From the Wall Street Journal, Alison Gopnik writes about the differences in the demographics of the professors in molecular biology and neuroscience compared to philosophy professors. She observes that women make up more than half the professors in molecular biology and neuroscience and less than a third of the professors in philosophy. She reports that the professors in philosophy, music and economics thought success was innate ability more important than hard work and, interestingly, that there were fewer women in those fields. She writes:
“Psychologist Carol Dweck at Stanford has shown in many studies, summarized in her book “Mindset,” that believing in innate academic talent has consequences, almost all bad. Women and minorities, who are generally less confident to begin with, tend to doubt whether they have that mythical magic brilliance, and that can discourage them from trying fields like math or philosophy. But the idea is even bad for the confident boy-genius types.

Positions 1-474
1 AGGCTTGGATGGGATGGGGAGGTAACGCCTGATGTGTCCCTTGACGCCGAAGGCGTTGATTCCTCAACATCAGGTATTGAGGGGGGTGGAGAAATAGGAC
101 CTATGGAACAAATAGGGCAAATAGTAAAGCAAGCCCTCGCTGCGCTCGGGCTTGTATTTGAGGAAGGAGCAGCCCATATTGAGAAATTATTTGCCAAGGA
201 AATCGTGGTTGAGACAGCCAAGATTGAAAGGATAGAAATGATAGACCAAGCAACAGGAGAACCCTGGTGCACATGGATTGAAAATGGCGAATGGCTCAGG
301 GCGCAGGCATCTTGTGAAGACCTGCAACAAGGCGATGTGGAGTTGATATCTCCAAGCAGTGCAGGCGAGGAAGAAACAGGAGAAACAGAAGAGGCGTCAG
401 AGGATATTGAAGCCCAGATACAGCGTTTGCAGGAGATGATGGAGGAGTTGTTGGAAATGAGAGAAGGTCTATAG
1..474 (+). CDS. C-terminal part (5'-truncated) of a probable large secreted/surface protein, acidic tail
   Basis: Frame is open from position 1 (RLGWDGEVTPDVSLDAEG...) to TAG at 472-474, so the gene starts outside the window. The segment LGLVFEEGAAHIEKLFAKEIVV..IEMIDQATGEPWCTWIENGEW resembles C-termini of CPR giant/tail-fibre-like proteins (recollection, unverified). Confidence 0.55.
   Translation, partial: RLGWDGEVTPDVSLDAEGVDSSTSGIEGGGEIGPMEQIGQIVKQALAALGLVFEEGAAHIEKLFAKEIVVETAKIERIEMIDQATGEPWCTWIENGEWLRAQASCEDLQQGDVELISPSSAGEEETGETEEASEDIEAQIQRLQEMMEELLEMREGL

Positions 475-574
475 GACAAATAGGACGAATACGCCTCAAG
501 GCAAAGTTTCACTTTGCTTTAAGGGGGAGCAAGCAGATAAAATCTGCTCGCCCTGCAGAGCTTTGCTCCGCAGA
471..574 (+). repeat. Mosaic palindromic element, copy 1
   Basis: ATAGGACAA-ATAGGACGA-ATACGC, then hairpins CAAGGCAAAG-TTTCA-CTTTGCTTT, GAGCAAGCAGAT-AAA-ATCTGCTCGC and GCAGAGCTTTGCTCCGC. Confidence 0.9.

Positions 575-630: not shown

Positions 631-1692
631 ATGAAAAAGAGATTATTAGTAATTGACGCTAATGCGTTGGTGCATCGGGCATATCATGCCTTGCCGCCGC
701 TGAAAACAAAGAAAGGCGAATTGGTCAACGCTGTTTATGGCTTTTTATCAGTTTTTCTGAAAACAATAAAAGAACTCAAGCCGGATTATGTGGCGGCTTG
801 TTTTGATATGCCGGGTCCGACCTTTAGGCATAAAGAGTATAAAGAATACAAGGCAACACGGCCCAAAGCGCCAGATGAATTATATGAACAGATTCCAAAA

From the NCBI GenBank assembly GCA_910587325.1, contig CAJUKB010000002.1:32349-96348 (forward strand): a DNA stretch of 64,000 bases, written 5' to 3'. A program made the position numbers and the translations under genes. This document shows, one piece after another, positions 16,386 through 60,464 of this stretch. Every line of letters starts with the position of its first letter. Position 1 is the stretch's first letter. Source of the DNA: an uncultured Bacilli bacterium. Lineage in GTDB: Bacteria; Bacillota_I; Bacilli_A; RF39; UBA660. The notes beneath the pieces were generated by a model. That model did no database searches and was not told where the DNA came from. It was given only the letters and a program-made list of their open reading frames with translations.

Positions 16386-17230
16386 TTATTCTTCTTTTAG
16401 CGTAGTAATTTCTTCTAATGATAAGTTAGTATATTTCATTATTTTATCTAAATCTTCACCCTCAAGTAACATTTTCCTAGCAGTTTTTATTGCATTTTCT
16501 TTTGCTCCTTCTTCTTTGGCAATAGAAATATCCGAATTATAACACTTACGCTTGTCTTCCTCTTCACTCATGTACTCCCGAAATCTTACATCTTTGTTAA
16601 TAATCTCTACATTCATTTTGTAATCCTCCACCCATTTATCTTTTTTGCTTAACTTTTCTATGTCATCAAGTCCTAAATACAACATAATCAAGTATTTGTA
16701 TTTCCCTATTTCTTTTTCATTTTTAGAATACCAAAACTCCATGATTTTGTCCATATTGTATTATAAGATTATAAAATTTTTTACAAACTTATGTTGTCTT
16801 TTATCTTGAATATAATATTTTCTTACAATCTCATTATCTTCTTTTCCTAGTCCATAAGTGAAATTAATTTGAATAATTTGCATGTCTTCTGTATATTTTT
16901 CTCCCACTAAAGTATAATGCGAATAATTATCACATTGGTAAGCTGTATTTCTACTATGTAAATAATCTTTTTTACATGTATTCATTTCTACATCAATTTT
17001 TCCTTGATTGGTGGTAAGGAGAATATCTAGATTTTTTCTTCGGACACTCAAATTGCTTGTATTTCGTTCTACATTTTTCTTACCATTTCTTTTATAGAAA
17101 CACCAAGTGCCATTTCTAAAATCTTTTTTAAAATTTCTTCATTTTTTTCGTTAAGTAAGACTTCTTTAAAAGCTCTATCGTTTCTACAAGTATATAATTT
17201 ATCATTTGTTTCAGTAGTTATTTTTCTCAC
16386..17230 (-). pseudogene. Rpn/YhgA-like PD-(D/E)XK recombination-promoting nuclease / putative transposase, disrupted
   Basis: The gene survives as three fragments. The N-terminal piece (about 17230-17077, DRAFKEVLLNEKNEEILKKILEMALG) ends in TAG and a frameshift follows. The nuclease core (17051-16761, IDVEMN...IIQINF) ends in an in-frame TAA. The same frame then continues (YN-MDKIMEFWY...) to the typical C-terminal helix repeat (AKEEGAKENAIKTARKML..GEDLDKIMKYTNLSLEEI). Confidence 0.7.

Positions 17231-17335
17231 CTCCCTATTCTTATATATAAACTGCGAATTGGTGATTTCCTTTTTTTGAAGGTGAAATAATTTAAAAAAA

In Dr. Dweck’s studies, students who think they are innately smart are less likely to accept and learn from mistakes and criticism. If you think success is the result of hard work, then failure will inspire you to do more. If failure is an existential threat to your very identity, you will try to deny it.
But these studies say something else. Why are there so few women in philosophy? It isn’t really because men are determined to keep them out or because women freely choose to go elsewhere. Instead, as science teaches us again and again, our actions are shaped by much more complicated and largely unconscious beliefs. I’m a woman who moved from philosophy to psychology, though I still do both. The new study may explain why—better than all the ingenious reasons I’ve invented over the years.
The good news, though, is that such beliefs can change. Dr. Dweck found that giving students a tutorial emphasizing that our brains change with effort and experience helped to shift their ideas. Maybe that would be a good exercise for the philosophers, too….”
Read the full story at The Dangers of Believing That Talent Is Innate